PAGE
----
SC orders appointment of auditor to scrutinise BCCI accounts

In a judgment which was not announced beforehand or notified in the court's cause list, a Bench led by Chief Justice of India T.S. Thakur stood firm by its October 7 decision to choke the financial jugular of BCCI's 25 State cricket associations till they fall in line.

Supreme Court

The Supreme Court came down hard on BCCI and its State associations for failing to implement Lodha Panel recommendations.   -  PTI

Refusing to give an inch to BCCI's 'defiance', the Supreme Court on Friday ordered that none of the Board's member State associations will get a single penny from the BCCI coffers till they comply in "letter and spirit" with the Justice R.M. Lodha Committee reforms.

In a judgment which was not announced beforehand or notified in the court's cause list, a Bench led by Chief Justice of India T.S. Thakur stood firm by its >October 7 decision to choke the financial jugular of BCCI's 25 State cricket associations till they fall in line.

> Anurag Thakur: ‘Have highest respect for judiciary’

The judgment asked the Committee to fix a ceiling limit for contracts BCCI can enter into. Contracts worth beyond this financial limit would require Lodha panel approval.

The judgment, authored by Chief Justice Thakur, asked Lodha Committee to appoint an independent auditor to scrutinise BCCI accounts and fix the financial limits for contracts.

The court ordered the BCCI secretary and president to file compliance reports before the Justice Lodha panel and the Supreme Court in two weeks.

It asked the Lodha panel to apprise ICC Chairman Shashank Manohar of the court's orders.

BCCI president Anurag Thakur steered clear of commenting on the latest diktat by the apex court, saying that he is yet to go through the order.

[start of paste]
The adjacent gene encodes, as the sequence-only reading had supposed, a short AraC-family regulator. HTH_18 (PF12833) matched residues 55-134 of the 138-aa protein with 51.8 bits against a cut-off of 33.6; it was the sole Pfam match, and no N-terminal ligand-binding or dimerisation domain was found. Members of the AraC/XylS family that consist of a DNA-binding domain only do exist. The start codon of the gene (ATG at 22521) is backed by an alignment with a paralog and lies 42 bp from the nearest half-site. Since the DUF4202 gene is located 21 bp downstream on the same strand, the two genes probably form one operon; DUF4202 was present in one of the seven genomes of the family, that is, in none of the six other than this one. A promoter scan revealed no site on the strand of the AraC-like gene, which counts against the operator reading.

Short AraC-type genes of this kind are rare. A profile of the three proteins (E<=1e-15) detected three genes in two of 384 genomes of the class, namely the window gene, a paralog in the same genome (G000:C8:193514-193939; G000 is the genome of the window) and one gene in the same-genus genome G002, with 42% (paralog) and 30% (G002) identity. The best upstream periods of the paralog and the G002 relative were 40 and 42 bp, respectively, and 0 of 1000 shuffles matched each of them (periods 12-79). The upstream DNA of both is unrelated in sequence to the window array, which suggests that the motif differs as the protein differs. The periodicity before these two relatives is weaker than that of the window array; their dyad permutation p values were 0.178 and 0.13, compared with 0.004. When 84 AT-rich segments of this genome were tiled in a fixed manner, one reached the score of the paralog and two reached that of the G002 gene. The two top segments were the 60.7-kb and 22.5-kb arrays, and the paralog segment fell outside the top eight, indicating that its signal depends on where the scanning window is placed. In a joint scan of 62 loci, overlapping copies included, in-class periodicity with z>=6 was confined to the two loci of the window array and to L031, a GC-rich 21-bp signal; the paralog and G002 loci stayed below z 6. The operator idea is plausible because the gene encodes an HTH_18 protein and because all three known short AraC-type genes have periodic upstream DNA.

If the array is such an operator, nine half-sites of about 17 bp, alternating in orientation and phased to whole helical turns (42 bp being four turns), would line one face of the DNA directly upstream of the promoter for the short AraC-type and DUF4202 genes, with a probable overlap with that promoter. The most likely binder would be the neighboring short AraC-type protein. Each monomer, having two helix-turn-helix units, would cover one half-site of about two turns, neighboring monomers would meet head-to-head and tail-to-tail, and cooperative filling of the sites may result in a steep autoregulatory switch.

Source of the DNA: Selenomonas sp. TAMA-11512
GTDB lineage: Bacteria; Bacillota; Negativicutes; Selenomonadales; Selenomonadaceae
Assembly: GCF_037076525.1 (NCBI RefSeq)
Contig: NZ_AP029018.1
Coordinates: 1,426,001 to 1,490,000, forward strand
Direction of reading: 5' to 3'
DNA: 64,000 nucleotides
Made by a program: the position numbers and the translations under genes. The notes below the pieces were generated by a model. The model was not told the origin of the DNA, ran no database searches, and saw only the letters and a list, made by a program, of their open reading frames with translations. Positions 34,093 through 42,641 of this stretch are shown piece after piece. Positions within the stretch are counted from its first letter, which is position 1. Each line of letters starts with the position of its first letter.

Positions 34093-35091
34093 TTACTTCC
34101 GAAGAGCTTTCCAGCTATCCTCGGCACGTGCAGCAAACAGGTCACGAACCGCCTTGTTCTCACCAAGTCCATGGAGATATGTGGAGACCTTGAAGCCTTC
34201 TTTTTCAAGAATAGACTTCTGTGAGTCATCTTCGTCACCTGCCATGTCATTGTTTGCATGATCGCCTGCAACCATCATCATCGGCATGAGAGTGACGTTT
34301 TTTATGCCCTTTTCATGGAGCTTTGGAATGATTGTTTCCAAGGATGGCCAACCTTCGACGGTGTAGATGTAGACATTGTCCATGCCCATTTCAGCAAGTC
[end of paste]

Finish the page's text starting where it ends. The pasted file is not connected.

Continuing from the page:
“What impact it will have on cricket, we cannot comment before going through the order. Once we get the copy of judgement we shall respond. There are difficulties which have been placed in front of the Court,” Thakur told reporters.

"I have full faith in the judiciary. It is the state associations who have to implement the Lodha recommendations, once they get the order, we will have a discussion with them and ask them to implement,” Thakur said.

On October 7, Chief Justice Thakur had made the court's hard stand clear by ordering that BCCI will not disburse Rs. 16.73 crore each to 12 State cricket associations. These dozen associations were yet to get the balance payment of their share from nearly Rs. 2,500 crore BCCI received towards compensation after the cancellation of Champion League T20 tournament.

Chief Justice Thakur had directed that the pending Rs. 16.73 crore and any future funds would be released only after the State associations passed resolutions undertaking to comply with the Lodha reforms.

As for the remaining 13 member State associations who have already received Rs. 16.73 crore, they can only use the money after passing their respective resolutions to implement the Lodha Committee reforms.

The court had made it clear that continued defiance by State associations would witness their shares invested in fixed deposit accounts until they change their minds.

The court had barred further disbursal of amounts, courtesy a resolution passed by in the Annual General Meeting held on November 9, 2015 or “any subsequent resolution” by the BCCI or its Working Committee, until the State associations submit their written undertakings to unconditionally comply with the Lodha reforms.

“The sequence of events that have taken place since July 18, 2016 and referred to in the status report (of the Lodha Committee) prima facie give an impression that BCCI has far from lending its fullest cooperation to the Committee adopted an obstructionist and at times a defiant attitude which the Committee has taken note of and described as an impediment undermining not only the Committee but even the dignity of this court,” Chief Justice Thakur had wrote in the October 7 order.

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